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I have been a freelancer for about 3 years now in web development, SEO and PPC. I have spent the last 18 months honing my skills in SEO & PPC.

I have now come to the realisation that I need to be an employee in a larger company for a while. The reason for this is that I would like to learn from my betters how to succeed, and also because I dont make enough money on my own.

My question is I do not know if I am juinor or intermediate.

Can I interview for both positions (say at different companies) and rely on the hiring manager to not let me pass the intermediate interview if I am not on an intermediate level? Or is there a chance that I will get the job, and then see that I am not actually qualified for the job. If this happens my boss will probably be upset, and also I will never have learned how to progress from junior to intermediate.

So can I rely on a hiring manager not to let me qualify for a stage that I am not ready for?

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No, probably not, unless your experience is clearly below the boundary. Some people are natural speakers, or are very convincing: those people are able to (either dishonestly, or accidentally merely by virtue of being confident) talk themselves into a role above their level. I'm sure in your career you've come across someone who "talks the talk" and sounds impressive, but then you realize that they don't really understand what they're seying.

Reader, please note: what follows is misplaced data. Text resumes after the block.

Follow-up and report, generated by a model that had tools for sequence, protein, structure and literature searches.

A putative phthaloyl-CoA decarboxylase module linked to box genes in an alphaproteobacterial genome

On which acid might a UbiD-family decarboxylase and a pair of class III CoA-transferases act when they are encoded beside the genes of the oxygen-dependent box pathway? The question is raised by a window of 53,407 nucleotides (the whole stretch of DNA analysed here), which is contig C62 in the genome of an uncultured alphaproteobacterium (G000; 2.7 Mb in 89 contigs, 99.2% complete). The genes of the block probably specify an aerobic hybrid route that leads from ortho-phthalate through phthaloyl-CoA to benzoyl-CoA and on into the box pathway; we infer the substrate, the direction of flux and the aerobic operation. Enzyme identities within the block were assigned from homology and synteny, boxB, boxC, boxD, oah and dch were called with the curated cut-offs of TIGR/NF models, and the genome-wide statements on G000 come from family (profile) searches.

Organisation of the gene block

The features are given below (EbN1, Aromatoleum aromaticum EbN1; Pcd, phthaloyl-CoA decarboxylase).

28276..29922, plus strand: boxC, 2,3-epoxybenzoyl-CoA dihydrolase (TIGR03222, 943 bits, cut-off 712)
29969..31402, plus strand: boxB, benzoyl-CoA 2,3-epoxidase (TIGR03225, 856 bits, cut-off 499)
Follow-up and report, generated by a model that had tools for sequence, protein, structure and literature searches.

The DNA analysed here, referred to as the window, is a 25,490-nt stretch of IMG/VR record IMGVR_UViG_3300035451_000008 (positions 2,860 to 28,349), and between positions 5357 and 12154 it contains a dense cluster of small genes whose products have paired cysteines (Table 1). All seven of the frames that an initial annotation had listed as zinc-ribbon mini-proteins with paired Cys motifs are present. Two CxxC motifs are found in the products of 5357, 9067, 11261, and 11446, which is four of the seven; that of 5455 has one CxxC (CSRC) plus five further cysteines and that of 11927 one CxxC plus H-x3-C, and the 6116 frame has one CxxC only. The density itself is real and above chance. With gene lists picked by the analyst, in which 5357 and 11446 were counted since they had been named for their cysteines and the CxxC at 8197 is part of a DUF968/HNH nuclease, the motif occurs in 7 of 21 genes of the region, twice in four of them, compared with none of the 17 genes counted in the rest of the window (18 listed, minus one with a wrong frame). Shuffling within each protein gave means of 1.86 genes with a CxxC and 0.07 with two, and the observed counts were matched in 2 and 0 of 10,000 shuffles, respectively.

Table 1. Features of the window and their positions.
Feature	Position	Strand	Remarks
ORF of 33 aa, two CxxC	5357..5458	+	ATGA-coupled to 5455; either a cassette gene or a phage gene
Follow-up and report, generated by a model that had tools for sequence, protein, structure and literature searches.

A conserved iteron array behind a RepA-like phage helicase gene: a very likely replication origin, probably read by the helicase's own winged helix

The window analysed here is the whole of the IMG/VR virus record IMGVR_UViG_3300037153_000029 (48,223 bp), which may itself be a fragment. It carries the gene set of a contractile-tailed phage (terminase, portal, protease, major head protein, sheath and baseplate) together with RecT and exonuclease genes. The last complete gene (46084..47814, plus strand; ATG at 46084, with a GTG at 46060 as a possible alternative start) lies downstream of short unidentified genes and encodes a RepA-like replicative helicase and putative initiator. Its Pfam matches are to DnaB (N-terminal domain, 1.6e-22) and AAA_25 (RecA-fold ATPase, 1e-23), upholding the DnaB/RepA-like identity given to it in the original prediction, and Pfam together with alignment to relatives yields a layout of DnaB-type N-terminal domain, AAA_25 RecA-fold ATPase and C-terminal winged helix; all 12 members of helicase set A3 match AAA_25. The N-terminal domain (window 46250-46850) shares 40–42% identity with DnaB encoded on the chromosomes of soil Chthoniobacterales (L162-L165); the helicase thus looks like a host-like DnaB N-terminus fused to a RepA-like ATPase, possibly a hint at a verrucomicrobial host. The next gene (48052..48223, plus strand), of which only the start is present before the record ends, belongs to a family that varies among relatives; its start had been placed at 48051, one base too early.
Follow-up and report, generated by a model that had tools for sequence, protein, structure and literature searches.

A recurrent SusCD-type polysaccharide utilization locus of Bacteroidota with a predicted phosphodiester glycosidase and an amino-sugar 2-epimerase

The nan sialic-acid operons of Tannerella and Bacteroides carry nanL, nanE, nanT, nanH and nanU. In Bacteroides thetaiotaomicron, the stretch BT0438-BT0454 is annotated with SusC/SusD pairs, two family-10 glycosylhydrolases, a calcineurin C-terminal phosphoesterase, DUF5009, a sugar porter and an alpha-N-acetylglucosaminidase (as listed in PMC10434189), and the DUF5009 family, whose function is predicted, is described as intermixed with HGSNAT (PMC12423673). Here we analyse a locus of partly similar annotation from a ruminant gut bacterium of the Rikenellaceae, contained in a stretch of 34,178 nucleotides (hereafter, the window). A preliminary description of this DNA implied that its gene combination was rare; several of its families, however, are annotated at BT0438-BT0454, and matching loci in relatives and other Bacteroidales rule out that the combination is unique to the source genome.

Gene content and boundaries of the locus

The interviewer may filter you out of the higher level job if they don't feel your experience is up to it, but if you're convincing enough there's a good chance you'll sound capable of it, and how are they to know different?

People tend to get the job based on how confident they sound, how well they explain their current responsibilities and how good a fit they sound for the role.

At the end of the day a recruiter doesn't have that much to go on: your experience (which has to be approximately in the right ballpark to even get an interview), your ability to answer questions convincingly, and your personality/demeanor. Any one of those things can be exaggerated or accidentally over-emphasised, and the interviewer has no way to really know.